Niche Recruitment

Niche Recruitment

Posted by Niche Recruitment
18th April 2016

Interview Tips

Niche Recruitment | Interview Tips

Being selected for an interview means you’re on the yellow brick road to potential success! Don’t crack open that bottle of champers quite yet though. In this introduction, we’re going to take you through a few pointers to help you smash that interview with flying colours. Sit tight and take notes.

To have been shortlisted for interview means you’ve been chosen ahead of what may have been a large number of other candidates. Every employer will have a different approach to the interview process. Your recruitment consultant will provide you with a brief. This could include a host of hints, including approximate interview duration, other participants, second or third interviews, and most importantly which key attributes the employer is seeking.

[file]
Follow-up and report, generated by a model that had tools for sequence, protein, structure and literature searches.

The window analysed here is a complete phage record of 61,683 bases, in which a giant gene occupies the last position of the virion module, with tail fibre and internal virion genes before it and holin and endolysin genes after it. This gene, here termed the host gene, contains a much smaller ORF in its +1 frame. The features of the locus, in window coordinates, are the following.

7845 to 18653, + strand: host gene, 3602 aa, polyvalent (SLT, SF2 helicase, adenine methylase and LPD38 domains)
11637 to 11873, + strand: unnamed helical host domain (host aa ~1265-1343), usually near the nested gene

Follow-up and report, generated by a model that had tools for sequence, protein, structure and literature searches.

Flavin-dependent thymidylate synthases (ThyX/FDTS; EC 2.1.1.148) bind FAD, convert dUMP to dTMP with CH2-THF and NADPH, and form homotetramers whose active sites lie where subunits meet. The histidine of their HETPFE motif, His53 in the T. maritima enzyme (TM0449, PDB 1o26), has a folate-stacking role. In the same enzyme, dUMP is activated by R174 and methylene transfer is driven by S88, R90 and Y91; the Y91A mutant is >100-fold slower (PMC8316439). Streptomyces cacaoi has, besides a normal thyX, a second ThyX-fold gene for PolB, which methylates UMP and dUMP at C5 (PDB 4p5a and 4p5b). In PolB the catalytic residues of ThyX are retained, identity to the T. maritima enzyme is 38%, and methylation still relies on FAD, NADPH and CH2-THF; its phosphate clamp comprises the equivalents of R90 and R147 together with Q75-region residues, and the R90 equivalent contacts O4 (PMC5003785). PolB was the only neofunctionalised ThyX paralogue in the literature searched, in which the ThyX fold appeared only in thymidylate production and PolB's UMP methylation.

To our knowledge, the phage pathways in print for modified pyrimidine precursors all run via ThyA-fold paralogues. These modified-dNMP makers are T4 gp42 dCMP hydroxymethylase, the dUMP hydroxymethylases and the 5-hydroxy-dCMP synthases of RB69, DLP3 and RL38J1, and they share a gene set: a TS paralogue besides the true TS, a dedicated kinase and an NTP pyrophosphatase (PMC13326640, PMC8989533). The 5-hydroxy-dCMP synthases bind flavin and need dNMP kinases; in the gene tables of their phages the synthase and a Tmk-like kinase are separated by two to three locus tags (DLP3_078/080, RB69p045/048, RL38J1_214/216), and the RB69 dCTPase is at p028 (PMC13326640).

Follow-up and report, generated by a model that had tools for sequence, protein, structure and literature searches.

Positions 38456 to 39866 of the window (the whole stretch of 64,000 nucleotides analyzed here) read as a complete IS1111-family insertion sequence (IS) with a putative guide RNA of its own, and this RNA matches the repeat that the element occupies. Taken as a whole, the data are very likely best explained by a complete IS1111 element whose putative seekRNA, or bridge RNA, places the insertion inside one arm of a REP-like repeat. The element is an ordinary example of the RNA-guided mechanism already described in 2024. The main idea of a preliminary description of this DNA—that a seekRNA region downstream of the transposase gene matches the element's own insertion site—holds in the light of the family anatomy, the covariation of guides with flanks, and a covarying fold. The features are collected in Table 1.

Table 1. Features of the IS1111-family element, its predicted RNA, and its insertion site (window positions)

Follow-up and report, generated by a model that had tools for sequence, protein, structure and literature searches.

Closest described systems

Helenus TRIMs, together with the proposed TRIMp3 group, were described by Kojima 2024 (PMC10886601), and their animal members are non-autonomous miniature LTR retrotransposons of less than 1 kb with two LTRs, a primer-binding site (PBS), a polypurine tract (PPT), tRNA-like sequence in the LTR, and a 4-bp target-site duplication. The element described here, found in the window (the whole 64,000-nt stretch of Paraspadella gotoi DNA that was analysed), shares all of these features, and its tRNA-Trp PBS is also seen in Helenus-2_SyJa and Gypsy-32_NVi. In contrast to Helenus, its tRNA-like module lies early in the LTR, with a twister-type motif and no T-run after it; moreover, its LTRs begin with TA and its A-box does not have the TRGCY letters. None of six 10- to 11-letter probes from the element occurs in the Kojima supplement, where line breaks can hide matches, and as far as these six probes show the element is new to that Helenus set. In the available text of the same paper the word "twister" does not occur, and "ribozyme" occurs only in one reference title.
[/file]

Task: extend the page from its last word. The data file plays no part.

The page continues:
We will help you prepare for the interview, but it may also be useful to talk to a friend or relative for any useful tips…they may see something in you that will help!


Possibly our ‘numero uno’ tip at Niche Recruitment is to research the job description and company. Nothing screams ‘DO NOT EMPLOY ME’ more than being under prepared. Don’t think you can blag this either, interviewers can tell! Do some online research and find out more about the company’s people, services or products. Prepare some chosen questions you would like more information about, but at the same time, don’t OVER-prepare. Interviewers like to see you’ve done your homework, but not at the risk of sounding scripted. Instead, jot down a few bullet points to develop on; let your natural inquisitiveness and conversational prowess shine through.